EFFINGHAM, Ill (Reuters) - The Federal Reserve's policy shift since last year has made monetary policy "considerably more accommodative" than a year ago, but world markets are likely expecting more to come, St. Louis Federal Reserve bank president James Bullard said on Monday.
Bullard, who has focused on the fact that some short-term Treasury debt yields have risen above long-term bond yields in what is sometimes seen as a sign of coming recession, noted that for now the bond "yield curve" look more normal.
But that is "likely because markets are anticipating future policy moves" by the Fed, Bullard said.
The Fed has cut rates twice this year, lowering its target rate to a range of between 1.75% and 2.00% at its last meeting. Top officials say they will now make decisions on a "meeting by meeting" basis, with no clear commitment to further reductions.
Investments in contracts tied to the Fed's target policy rate show investors expect one to two more quarter point reductions by the end of the year.
Bullard dissented at last week's meeting, arguing for a deeper half point cut on the grounds that the Fed needed to do more to guard against trade risks and a steeper U.S. slowdown given signs the manufacturing sector may already be contracting.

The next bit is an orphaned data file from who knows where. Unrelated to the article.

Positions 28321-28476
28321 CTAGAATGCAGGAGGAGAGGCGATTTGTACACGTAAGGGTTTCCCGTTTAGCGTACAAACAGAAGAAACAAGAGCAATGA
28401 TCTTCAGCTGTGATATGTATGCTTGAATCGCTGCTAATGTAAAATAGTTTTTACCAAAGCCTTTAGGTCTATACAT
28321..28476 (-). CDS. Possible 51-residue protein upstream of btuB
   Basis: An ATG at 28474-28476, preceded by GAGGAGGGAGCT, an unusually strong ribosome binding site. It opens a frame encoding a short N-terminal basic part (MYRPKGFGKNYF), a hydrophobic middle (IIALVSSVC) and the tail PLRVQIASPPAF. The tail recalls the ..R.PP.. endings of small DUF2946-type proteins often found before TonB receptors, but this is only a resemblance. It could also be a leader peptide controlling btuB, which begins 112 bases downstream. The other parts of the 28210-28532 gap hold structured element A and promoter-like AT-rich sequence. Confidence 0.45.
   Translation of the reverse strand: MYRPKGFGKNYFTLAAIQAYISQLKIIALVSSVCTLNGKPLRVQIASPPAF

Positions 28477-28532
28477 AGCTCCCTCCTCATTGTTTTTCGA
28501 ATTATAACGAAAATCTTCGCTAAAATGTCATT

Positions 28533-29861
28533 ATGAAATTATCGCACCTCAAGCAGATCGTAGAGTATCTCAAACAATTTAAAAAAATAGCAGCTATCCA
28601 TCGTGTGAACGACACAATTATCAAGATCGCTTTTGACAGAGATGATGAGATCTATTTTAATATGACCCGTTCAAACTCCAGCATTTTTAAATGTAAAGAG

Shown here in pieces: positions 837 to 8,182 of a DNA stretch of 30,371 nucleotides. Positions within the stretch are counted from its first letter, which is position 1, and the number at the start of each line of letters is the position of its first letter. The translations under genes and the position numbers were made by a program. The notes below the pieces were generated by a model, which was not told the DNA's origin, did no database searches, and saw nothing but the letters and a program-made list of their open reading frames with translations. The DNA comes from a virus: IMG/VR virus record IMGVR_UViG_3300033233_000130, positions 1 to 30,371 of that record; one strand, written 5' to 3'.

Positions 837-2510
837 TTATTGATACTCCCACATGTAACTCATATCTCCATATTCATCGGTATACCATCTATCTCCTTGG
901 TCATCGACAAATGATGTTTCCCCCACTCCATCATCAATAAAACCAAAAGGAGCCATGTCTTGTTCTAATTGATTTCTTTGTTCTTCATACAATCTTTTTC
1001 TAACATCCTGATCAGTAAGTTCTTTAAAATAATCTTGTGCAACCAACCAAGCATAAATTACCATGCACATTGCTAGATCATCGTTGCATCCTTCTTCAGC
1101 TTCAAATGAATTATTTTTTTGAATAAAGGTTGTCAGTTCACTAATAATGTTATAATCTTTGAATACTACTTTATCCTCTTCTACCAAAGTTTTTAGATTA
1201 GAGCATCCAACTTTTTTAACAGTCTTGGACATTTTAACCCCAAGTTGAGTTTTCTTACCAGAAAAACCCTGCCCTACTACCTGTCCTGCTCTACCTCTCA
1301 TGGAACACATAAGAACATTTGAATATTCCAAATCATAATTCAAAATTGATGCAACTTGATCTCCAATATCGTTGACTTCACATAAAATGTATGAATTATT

The central bank has already done a lot, Bullard acknowledged in remarks to the Effingham County Chamber of Commerce.
While the Fed has cut short-term interest rates a half a percentage point since July, its overall shift in tone and the removal of previously expected rate hikes have caused longer-term bond rates to fall by more than twice that amount, Bullard said.
Still, he said, the Fed "may choose to provide additional accommodation going forward" as global trade and other risks threaten to cause the United States to slow more than expected this year, and undercut the Fed's ability to achieve its 2% inflation target.
"Recent developments in global trade negotiations suggest that it will be difficult to reach a stable global trade regime" anytime soon, Bullard said. "This is likely chilling global investment and feeding into slower global growth."
(Reporting by Howard Schneider; Editing by Andrea Ricci)